"There are, it has been said, two types of people in the world. There are those who say: this glass is half full. And then there are those who say: this glass is half empty. The world belongs, however, to those who can look at the glass and say: What's up with this glass? Excuse me? Excuse me? This is my glass? I don't think so. My glass was full! And it was a bigger glass!" Terry Pratchett

 

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Gold leaf has been recovered from disintegrating frescos, from statues, from glass, from oil and tempera paintings by simply crushing the material on which it was used and subjecting it to heat in a crucible. 

To elaborate: Gold leaf was especially useful in embellishing the wooden panels of altarpieces, icons and tabernacles. In stories designed to promote the power of sacred images--or to argue against idolatry--devotees are said to scrape at a painting with their fingernails and ingest the fragment. So, eating gold leaf has a long history! (As an attempt to "become one" with the holy subject represented on the panel, this act of vandalism was somewhat nutritious in that egg was used for the paint and glazes.)

"Viciousness in the kitchen.

The potatoes hiss." --Sylvia Plath

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Nancy Silverton offered this advice re decorating with gold leaf:

“Purchase a little booklet of ultrathin 22-carat gold leaf, the same kind used for illuminating manuscripts, at an art supply or paint store, bookbinder, or framer.

“To use, glaze the dessert and refrigerate until completely set and dry. Work in a draft-free area, because the gold is so thin that it will drift around in the slightest breeze. Peel back the separating paper to expose just as much gold leaf as you plan to use. Pick up a small, irregularly shaped bit with the tip of a small sharp knife and delicately lay it flat on the dessert. It can be placed in the center of a chocolate dessert or used as an accent to set off certain letters in a word written on the top. The gold must be laid flat, as it is not attractive bunched up. If the gold doesn’t adhere immediately, blow on it gently and it will stick.”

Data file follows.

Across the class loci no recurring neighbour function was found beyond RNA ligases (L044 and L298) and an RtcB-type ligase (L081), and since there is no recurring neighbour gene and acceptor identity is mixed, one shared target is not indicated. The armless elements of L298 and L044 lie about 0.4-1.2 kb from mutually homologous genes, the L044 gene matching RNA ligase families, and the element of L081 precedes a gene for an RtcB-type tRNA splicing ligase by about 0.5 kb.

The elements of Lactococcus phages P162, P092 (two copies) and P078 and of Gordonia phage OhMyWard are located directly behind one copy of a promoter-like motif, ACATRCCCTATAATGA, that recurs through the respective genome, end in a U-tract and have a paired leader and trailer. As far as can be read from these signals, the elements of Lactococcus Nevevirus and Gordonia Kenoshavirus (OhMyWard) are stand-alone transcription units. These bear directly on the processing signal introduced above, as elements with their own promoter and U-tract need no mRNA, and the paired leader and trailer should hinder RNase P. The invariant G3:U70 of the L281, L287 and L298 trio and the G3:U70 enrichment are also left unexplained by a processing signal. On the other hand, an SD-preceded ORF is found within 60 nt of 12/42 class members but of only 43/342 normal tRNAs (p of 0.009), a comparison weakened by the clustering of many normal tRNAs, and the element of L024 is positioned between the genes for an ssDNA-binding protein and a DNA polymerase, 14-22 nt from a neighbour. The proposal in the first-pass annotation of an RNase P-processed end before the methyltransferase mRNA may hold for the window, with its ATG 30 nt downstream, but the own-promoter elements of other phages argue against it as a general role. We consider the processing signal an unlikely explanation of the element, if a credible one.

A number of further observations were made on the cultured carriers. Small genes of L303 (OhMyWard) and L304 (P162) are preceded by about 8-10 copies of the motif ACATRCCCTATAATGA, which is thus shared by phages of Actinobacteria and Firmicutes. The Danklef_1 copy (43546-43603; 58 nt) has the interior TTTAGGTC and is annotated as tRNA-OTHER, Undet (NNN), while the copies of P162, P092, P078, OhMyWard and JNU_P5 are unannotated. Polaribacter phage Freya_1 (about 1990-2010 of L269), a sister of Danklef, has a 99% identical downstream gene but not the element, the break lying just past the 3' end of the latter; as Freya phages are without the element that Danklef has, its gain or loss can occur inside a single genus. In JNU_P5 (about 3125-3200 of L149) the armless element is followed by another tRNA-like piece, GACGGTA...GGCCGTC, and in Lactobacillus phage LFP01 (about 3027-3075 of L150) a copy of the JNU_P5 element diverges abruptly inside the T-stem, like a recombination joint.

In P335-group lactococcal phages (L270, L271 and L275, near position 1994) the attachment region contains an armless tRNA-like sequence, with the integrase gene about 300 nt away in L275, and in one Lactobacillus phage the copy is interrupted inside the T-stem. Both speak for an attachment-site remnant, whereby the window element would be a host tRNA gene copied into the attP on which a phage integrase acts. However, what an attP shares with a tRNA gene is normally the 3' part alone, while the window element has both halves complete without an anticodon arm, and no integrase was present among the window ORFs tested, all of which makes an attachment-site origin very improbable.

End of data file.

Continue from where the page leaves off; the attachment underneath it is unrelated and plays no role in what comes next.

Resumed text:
Source: Desserts (HarperPerennial, 1991); p. 342.

"Dinner is theater. Ah, but dessert is the fireworks!" ~ Paul Bocuse

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Pick up a small, irregularly shaped bit with the tip of a small sharp knife and delicately lay it flat on the dessert.

Bamboo tongs work much better for handling leaf than anything metal. :wink: I'm a glassblower, and use a fair amount of the precious metal leafs.

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Pick up a small, irregularly shaped bit with the tip of a small sharp knife and delicately lay it flat on the dessert.

Bamboo tongs work much better for handling leaf than anything metal. :wink: I'm a glassblower, and use a fair amount of the precious metal leafs.

A more refined tool, indeed, for handling these gold tidbits. Thank you!

Lawrence

"Dinner is theater. Ah, but dessert is the fireworks!" ~ Paul Bocuse

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I've always used a long, flat red sable artist's brush, stroke the brush on a piece of silk (or on a chunk of amber, since I do have that) which creates just enough of an electrical charge so the gold leaf will cling to the brush.

If using larger pieces of the leaf, one can buy a gilder's brush which is the same size as the gold sheet and again, stroking the brush on a piece of silk will allow you to lift the entire sheet and deposit it exactly where you wish.

When working with the gold leaf, I used a "tent" made of lightweight muslin sewn into a large tube shape with a removable hoop overhead.

Now one can buy very inexpensive photo tents which allow one to protect the work area from drafts.

Someone opening a door into the room where one is working, can cause the gold leaf to flutter away in tiny bits.

"There are, it has been said, two types of people in the world. There are those who say: this glass is half full. And then there are those who say: this glass is half empty. The world belongs, however, to those who can look at the glass and say: What's up with this glass? Excuse me? Excuse me? This is my glass? I don't think so. My glass was full! And it was a bigger glass!" Terry Pratchett